ارزیابی سیاست های پولی را با اطلاعات جنجالی
|کد مقاله||سال انتشار||مقاله انگلیسی||ترجمه فارسی||تعداد کلمات|
|24949||2003||27 صفحه PDF||سفارش دهید||محاسبه نشده|
Publisher : Elsevier - Science Direct (الزویر - ساینس دایرکت)
Journal : Journal of Monetary Economics, Volume 50, Issue 3, April 2003, Pages 605–631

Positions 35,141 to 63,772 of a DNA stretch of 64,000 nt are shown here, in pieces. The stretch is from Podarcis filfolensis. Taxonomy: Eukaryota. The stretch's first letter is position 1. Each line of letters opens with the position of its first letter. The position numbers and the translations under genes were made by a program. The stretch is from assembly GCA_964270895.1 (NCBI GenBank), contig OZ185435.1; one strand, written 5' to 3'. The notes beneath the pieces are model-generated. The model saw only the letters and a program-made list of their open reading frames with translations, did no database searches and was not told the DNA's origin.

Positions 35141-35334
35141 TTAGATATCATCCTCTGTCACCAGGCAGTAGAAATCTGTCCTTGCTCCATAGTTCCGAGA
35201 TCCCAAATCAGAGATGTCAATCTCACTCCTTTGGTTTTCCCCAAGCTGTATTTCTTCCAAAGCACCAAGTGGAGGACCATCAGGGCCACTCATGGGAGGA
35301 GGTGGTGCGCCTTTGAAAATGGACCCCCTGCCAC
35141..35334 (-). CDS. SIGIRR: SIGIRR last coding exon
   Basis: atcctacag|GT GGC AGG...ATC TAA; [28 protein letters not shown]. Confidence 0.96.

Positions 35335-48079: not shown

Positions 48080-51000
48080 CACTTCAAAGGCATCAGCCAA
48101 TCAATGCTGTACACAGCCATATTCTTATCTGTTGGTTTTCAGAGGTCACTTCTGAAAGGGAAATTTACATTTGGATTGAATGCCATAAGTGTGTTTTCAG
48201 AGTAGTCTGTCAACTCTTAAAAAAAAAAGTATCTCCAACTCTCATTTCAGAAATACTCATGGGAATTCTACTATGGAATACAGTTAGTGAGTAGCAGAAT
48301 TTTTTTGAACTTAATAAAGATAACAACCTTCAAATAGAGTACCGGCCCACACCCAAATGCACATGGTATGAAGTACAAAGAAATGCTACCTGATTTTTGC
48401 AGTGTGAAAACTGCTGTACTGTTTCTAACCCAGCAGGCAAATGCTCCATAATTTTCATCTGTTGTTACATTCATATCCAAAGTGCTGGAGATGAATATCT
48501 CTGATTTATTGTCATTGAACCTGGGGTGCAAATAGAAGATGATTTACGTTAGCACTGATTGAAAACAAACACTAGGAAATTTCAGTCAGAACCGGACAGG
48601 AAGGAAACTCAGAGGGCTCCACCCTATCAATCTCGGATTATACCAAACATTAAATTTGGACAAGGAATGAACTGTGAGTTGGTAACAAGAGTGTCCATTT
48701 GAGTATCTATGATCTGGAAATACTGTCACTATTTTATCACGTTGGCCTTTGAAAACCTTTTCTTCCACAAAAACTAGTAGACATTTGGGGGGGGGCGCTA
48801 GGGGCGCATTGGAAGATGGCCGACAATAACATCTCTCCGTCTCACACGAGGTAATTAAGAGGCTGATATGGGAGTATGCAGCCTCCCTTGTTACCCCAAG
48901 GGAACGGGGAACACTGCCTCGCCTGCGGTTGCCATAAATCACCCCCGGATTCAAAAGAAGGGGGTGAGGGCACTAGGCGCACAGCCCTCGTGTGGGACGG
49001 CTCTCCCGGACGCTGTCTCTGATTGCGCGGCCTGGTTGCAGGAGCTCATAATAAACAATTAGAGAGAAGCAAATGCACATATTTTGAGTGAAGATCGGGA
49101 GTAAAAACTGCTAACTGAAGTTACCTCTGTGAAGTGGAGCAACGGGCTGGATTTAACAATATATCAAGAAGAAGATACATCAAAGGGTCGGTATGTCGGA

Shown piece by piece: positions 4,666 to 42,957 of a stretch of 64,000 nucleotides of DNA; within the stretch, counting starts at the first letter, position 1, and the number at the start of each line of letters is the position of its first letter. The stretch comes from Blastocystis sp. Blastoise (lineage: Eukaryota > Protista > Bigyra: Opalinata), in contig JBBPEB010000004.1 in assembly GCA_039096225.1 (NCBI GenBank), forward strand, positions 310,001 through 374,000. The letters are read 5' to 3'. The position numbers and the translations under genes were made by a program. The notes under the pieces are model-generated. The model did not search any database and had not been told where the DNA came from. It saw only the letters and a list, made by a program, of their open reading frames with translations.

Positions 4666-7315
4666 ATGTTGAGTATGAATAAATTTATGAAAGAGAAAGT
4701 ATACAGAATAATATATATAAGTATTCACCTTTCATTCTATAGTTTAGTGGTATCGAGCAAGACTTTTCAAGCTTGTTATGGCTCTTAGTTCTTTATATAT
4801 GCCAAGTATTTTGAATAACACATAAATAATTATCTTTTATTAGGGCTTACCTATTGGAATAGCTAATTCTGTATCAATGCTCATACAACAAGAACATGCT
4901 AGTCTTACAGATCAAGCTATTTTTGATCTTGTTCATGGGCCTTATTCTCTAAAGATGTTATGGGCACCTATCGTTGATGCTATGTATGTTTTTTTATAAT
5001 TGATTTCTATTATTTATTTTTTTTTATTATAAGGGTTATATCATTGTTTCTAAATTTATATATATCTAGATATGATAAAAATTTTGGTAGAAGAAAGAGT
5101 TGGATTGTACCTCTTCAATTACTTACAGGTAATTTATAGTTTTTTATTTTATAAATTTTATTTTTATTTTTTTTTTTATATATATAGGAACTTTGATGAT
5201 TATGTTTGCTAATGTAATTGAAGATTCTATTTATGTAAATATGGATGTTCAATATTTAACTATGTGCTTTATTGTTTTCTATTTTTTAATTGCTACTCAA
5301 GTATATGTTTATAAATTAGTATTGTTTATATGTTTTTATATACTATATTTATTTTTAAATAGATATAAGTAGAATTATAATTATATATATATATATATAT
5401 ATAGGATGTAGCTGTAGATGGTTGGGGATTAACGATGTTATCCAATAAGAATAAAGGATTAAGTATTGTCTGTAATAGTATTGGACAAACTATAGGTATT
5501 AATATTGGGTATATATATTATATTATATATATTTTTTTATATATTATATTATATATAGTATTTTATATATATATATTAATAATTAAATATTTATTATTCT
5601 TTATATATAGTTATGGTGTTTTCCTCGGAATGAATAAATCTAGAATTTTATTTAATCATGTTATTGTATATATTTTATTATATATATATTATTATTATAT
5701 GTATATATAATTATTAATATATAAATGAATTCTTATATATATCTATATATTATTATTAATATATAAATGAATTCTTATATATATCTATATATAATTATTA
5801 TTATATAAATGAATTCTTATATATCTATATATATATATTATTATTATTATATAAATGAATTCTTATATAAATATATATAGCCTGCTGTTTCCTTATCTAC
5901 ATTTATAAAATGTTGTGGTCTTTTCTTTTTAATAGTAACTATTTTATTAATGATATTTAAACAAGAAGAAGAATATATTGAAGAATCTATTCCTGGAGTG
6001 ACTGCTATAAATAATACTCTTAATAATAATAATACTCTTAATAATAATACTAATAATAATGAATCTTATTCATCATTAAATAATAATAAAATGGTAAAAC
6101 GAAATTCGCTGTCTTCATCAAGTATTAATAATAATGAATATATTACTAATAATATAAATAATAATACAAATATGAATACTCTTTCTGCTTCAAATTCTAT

This study investigates the implications of noisy information regarding the measurement of economic activity for the evaluation of monetary policy. Using a simple model of the U.S. economy, I show that failing to account for the actual level of information noise in the historical data provides a seriously distorted picture of feasible macroeconomic outcomes and produces inefficient policy rules. Naive adoption of policies identified as efficient when this difficulty is ignored results in macroeconomic performance worse than actual experience. When the noise content of the data is properly taken into account, policy reactions are cautious and less sensitive to the apparent imbalances in the unfiltered data. The resulting policy prescriptions reflect the recognition that excessively activist policy can increase rather than decrease economic instability.